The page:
To describe the world Michael Jackson has created around himself as a childhood fantasy isn't quite accurate. Thanks to wealth and celebrity, he has been able to live as a superannuated child. With the help of plastic surgery and dramatic affectation, he has made himself look and sound pre-pubescent.
Paternalism is the method of government activism most amenable to an impoverished public sector.
Libertarianism, the political philosophy of rugged individualism, ought to hold a natural appeal to tolerant, anti-statist, free-trade conservatives who deplore the turn taken by the party of Abraham Lincoln toward racial prejudice, authoritarianism, and mercantilism.
All kinds of gambling, from bingo to baccarat, are benign entertainment for most people, dangerously addictive to a few, and capable of breeding unwanted side effects for society.
Members of Congress are less beasts of accumulating burden than computational machines designed to win re-election. Their sense of their own political interests is acute.
Because conscription appeals to essentially no one, the United States has lived with the All-Volunteer Force since the end of the Vietnam War.
Blacks as a group have voted Democratic since the 1930s. The GOP has not courted them in any real way since the 1960s, focusing instead on attracting white constituencies hostile to civil rights and African-Americans in general.
To describe Peter Thiel as simply a libertarian wildly understates the case. His belief system is based on unapologetic selfishness and economic Darwinism.
Though there are some debatable exceptions, sanctions rarely play a significant role in dislodging or constraining the behavior of despicable regimes.
As with the government failures that made 9/11 possible, neglecting to prevent the crash of '08 was a sin of omission - less the result of deregulation per se than of disbelief in financial regulation as a legitimate mechanism.
Whether couched in terms of envy, admiration, or derision, celebrity fascination begins as an exercise in imagining what it would be like to lead a more carefree and pleasurable life.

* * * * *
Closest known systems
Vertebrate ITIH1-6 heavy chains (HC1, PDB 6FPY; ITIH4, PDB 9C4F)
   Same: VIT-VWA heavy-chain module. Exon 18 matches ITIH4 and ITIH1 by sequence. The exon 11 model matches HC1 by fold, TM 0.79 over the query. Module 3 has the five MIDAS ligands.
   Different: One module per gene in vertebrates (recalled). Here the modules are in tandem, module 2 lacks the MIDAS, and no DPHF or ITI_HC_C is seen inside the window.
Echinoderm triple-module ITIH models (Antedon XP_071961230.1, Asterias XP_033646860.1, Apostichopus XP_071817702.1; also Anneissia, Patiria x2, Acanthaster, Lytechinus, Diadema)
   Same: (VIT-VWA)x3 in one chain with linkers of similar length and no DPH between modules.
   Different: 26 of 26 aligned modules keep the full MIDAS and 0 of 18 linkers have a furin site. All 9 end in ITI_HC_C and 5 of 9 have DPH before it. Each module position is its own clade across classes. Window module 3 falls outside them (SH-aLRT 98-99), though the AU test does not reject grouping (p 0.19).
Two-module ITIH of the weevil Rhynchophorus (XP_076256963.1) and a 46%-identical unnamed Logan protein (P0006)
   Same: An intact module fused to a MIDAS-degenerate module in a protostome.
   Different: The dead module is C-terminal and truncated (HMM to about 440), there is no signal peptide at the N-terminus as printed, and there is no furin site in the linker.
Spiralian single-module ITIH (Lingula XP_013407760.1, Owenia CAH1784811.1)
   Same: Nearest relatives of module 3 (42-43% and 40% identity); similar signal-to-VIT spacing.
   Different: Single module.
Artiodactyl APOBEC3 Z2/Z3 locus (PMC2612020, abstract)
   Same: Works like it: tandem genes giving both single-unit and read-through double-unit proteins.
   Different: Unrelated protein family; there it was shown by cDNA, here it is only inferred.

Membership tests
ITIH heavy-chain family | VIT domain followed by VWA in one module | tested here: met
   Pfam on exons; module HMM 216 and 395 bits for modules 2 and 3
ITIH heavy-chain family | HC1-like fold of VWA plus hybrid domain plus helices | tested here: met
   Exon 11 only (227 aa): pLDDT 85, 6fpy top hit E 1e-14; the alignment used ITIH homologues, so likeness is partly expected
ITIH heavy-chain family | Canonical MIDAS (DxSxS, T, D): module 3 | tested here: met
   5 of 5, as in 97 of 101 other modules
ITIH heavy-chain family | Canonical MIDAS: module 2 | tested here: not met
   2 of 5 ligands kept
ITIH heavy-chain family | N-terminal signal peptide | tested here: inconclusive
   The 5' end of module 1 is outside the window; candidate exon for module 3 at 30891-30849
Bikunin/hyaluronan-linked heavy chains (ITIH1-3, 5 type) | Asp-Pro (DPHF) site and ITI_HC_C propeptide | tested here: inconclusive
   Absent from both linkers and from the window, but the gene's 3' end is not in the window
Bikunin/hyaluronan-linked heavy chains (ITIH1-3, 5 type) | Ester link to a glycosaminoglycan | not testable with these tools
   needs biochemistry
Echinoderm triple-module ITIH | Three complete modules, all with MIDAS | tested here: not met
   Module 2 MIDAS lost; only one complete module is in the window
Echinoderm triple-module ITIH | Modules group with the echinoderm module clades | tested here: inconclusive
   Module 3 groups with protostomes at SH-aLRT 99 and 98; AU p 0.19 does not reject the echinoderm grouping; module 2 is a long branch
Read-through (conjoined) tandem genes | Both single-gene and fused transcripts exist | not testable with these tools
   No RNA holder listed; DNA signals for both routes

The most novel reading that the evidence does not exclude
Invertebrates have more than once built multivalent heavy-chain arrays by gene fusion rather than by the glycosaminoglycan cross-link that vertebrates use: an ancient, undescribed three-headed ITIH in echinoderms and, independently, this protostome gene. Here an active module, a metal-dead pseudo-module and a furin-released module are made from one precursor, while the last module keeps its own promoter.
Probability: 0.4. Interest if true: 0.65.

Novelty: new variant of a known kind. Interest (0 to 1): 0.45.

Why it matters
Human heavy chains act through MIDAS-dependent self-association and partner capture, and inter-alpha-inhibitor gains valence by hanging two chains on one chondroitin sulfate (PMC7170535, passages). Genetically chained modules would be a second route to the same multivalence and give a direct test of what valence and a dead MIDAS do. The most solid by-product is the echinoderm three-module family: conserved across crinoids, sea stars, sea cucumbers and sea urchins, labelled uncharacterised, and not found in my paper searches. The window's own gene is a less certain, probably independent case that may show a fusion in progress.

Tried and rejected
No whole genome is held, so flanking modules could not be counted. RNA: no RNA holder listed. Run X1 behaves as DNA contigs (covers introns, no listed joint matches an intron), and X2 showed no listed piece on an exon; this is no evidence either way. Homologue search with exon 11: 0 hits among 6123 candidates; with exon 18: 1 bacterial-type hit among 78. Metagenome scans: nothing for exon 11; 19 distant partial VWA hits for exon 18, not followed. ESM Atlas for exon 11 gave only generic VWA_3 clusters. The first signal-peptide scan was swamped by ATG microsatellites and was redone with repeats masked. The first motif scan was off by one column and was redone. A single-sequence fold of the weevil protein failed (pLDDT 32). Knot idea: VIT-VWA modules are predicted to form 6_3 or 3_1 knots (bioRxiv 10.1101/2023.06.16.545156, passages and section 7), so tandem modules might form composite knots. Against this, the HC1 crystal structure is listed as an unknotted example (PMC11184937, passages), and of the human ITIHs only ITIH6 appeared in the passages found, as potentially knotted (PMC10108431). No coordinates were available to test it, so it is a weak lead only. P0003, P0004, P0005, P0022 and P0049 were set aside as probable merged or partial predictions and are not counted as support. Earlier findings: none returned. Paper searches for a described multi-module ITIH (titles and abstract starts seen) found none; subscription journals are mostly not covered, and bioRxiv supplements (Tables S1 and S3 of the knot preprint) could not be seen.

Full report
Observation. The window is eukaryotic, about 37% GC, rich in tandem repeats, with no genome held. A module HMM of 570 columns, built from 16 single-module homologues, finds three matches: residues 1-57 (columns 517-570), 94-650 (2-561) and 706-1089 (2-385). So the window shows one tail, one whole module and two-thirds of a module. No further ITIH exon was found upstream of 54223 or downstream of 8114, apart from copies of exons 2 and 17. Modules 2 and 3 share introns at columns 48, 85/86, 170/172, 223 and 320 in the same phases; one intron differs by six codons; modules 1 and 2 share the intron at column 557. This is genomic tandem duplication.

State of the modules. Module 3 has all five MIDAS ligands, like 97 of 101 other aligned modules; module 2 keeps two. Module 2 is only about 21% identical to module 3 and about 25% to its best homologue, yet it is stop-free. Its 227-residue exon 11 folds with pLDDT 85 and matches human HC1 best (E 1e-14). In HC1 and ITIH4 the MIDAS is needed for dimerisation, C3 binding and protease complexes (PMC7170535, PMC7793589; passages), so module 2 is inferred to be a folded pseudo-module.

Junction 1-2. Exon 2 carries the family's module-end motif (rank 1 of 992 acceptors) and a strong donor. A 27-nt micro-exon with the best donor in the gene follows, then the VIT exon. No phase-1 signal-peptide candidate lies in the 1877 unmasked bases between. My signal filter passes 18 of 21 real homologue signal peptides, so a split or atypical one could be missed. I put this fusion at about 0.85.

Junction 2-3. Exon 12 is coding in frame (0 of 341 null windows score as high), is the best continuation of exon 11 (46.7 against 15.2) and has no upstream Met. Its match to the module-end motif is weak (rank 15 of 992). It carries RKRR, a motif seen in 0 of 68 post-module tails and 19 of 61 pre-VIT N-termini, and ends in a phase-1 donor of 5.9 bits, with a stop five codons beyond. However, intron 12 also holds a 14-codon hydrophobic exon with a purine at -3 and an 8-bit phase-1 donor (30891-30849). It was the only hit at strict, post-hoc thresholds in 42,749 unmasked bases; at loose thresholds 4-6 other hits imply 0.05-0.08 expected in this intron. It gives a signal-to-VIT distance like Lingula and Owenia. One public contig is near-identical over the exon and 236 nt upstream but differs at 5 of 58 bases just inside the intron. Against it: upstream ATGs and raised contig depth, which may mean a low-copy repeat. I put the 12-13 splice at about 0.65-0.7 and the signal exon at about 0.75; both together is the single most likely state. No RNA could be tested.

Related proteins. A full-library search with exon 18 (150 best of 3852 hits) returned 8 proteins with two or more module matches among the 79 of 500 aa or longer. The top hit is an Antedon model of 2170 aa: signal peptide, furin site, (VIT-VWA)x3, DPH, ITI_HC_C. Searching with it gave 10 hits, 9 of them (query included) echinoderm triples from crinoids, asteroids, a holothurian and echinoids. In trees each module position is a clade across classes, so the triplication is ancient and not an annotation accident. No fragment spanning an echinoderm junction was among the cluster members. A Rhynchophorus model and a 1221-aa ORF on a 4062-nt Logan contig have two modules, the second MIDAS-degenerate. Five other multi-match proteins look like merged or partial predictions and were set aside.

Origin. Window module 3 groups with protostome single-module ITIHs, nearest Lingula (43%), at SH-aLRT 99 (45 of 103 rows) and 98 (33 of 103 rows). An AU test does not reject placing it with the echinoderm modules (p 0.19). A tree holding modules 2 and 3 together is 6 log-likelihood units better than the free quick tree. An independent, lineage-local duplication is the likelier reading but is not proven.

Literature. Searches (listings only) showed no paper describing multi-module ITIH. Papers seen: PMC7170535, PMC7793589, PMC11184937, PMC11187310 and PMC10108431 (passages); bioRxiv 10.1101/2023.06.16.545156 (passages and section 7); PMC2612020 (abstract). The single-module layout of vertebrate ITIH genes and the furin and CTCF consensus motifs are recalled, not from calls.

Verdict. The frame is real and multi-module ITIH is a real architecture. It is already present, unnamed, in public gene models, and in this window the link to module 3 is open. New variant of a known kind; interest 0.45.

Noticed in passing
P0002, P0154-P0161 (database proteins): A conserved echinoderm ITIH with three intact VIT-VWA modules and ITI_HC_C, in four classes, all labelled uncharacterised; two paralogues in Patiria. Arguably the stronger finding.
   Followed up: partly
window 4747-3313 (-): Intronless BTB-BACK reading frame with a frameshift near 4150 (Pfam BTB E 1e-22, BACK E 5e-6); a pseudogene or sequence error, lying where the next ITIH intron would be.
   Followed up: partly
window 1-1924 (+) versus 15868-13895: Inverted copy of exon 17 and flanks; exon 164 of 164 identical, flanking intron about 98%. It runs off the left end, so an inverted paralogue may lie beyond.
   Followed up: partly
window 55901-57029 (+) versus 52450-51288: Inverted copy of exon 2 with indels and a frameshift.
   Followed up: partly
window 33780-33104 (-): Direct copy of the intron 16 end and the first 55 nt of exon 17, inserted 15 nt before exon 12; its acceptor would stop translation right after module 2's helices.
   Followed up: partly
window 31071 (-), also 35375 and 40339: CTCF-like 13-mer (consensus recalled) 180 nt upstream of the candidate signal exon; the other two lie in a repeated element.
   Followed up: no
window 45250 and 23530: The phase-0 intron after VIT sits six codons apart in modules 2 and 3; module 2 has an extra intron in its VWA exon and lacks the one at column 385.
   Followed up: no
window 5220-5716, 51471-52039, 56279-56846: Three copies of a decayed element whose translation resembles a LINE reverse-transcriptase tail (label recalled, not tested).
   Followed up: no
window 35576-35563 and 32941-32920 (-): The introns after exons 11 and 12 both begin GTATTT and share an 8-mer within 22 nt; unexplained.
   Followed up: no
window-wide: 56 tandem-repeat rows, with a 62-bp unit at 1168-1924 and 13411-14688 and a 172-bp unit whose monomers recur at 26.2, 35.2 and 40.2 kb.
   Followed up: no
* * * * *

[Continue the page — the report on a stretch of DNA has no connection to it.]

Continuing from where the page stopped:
We're quick to describe politicians whose views we find extreme or whose behavior seems odd as 'crazy,' and perhaps anyone who runs for president in some sense is. But I've long wondered whether Newt Gingrich merits that designation in a more clinical sense.
America's sanctions policy is largely consistent and, in a certain sense, admirable. By applying economic restraints, we label the most oppressive and dangerous governments in the world pariahs. We wash our hands of evil, declining to help despots finance their depredations, even at a cost to ourselves of some economic growth.
Conservative journalists don't just have the inside track on Republican strategy - they help devise it.
Where Reagan channeled disenchantment with overweening government, Obama symbolized America's transformation into a multiracial country.
If there's one epithet the Right never tires of, it's 'elitism.'
Americans are defined by a history of immigration in pursuit of freedom and opportunity. We are more individualistic, enterprising, and protective of liberties that most Europeans do not expect, such as owning guns, working 70-hour weeks, or appreciating nature as it goes by at 60 mph on a snowmobile.
If the creators of cartoons are intentionally or unintentionally giving children the idea that gay people are part of the big, happy human family, that's a good thing, not a bad one.
The worst thing you can say about libertarians is that they are intellectually immature, frozen in the worldview many of them absorbed from reading Ayn Rand novels in high school. Like other ideologues, libertarians react to the world's failing to conform to their model by asking where the world went wrong.
The cradle-to-grave welfare state diminishes individual initiative and can breed a pervasive sclerosis.